Libya devolved into a failed state when NATO assisted Qaddafi's radical jihadist opponents in killing him and then promptly abandoned the country. Left in the wake were two rival governments competing for power, which created space for Islamists to turn Libya into a cesspool of extremism.
Former Secretary of State Hillary Clinton continues to call the debacle American "smart power at its best." Other presidential candidates still argue that it was the right thing to do.
How will the West ever learn anything if it can't identify its most obvious failures?
Libya has no central functioning government that can provide security for its citizens. ISIS fights to expand its caliphate along the Mediterranean to points as close as 200 miles from Europe's vulnerable southern border. It controls Qaddafi's hometown of Sirte. It has imposed Shariah law in the areas under its control. It exploits Libya as a base to export weapons, jihadists and ideology to Europe, other African countries and the Middle East.
Benghazi and Derna, which have long been hotbeds of radicalism, provided more fighters per capita to Afghanistan and Iraq than nearly any other area in the world. The difference between then and now is that Qaddafi kept the lid on the garbage can long before 2002-2003, when he became a reliable U.S. ally against radical Islam. He changed his behavior, gave up his nuclear weapons program, paid reparations to the victims of his atrocities and provided invaluable intelligence that disrupted numerous Islamist terror plots.
It represented a massive foreign policy success, and the U.S. thanked him by facilitating his murder.
Similarly, the West embraced former Egyptian President Hosni Mubarak in his struggles against Islamist forces, and then it threw him under the bus. Both Qaddafi and Mubarak did everything asked of them, but they ended up dead or in jail.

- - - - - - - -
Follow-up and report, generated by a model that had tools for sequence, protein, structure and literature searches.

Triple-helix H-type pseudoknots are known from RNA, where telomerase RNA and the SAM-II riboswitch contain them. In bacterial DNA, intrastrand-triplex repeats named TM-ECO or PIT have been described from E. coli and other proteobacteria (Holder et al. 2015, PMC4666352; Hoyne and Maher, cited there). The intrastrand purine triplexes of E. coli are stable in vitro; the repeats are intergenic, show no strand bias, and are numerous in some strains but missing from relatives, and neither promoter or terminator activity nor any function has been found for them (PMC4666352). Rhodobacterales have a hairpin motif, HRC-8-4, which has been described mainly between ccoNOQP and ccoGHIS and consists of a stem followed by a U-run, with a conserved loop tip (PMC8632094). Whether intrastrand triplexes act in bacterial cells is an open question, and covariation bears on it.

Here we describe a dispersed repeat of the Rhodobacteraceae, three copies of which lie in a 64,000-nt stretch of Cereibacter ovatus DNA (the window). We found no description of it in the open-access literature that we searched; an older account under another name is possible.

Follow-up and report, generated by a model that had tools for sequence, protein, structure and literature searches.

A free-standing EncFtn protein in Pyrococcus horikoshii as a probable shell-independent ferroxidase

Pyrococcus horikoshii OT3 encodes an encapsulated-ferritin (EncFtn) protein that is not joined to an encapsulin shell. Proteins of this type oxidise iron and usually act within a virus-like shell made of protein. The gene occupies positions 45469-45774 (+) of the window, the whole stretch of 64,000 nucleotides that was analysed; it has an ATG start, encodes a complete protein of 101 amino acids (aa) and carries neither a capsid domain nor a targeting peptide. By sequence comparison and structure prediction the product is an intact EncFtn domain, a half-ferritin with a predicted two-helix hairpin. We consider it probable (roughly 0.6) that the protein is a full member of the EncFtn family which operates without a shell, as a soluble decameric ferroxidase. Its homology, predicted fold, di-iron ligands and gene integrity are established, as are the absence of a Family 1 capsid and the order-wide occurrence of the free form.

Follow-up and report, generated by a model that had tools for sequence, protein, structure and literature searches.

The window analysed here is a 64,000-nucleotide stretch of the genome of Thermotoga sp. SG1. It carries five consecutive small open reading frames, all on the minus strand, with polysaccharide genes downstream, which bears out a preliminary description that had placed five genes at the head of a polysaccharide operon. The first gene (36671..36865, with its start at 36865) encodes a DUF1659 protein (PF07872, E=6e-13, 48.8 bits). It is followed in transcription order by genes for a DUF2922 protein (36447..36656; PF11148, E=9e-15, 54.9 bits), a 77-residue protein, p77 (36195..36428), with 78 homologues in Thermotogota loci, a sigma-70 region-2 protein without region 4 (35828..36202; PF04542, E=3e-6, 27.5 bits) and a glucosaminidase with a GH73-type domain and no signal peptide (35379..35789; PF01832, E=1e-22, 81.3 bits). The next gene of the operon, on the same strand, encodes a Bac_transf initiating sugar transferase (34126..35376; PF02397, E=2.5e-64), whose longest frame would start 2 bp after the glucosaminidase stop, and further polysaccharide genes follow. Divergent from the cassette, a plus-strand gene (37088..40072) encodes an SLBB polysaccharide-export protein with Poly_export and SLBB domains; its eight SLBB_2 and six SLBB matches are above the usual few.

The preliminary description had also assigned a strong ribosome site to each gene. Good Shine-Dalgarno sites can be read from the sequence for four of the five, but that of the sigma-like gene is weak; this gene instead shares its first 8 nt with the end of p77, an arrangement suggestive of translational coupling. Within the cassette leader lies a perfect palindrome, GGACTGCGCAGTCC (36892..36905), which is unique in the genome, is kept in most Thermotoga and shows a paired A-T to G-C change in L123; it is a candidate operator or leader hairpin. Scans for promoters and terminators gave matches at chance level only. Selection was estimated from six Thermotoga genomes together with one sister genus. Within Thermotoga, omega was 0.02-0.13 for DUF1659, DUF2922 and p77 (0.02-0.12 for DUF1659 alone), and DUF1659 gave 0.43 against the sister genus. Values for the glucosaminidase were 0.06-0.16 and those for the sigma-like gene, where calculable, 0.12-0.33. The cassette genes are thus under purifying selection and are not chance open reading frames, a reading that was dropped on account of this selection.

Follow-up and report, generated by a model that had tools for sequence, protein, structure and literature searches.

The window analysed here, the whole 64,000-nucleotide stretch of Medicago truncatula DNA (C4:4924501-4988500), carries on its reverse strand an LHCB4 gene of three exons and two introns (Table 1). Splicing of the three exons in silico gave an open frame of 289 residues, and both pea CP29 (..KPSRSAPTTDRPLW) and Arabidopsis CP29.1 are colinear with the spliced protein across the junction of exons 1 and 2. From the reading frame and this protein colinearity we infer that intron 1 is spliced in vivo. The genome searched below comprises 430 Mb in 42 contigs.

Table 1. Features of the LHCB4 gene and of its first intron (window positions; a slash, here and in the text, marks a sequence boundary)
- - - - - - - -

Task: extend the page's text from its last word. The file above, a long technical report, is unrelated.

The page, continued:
Any leader would really need to ask why he should trust NATO or the West. Is there any question why Syrian dictator Bashar al-Assad does not negotiate an end to his country's civil war and clings to Iran and Russia to keep him in power?
Iran cheated on its nuclear program for years. As a result, the U.S. gifted it with more than $100 billion – including $1.7 billion in U.S. taxpayer dollars – and it hasn't changed its behavior in the slightest. In addition to its military ambitions, Iran will most assuredly spend the money on supporting Assad and its terrorist proxies throughout the Middle East, Africa and, yes, Europe.
I'm amazed by some of the statements now coming from the coalition. The French defense minister is concerned about ISIS fighters blending in with refugees crossing the Mediterranean. Talk about restating the obvious. The British want troops to identify friendly militias in order to avoid targeting them in future airstrikes. Has something changed where we have improved the vetting of "moderate" militia groups?
The only official who seems to make any sense is U.S. Secretary of Defense Ash Carter, who said recently, "The Libyans don't welcome outsiders intruding on their territory." He was referring to ISIS, but he might as well have been talking about the West. Libyans have not forgotten that NATO all but vanished once Qaddafi was killed.
Western foreign policy is in disarray. The scariest part is that supposed leaders don't even know it, and therefore they can't admit to previous mistakes. Allies that brought stability to the region are gone. Former and current antagonists benefited from Western incompetence.
Who would have predicted six years ago that those rulers battling Islamist terror would be deposed and that those committing it would become the West's new friends?
NATO snatched defeat from the jaws of victory in Libya. Refugees flood Europe. Terrorist attacks continue to spread geographically and in lethality. The Syrian civil war rages on. Iran lavishes its newfound wealth on its nuclear program and campaign of global terror.
Is it any wonder that citizens in Western countries are frustrated and angry with those in positions of authority?
Republican Pete Hoekstra is the Shillman senior fellow at the Investigative Project on Terrorism and the former chairman (R-Michigan) of the U.S. House Intelligence Committee. He is the author of "Architects of Disaster: The Destruction of Libya" (The Calamo Press, October 2, 2015).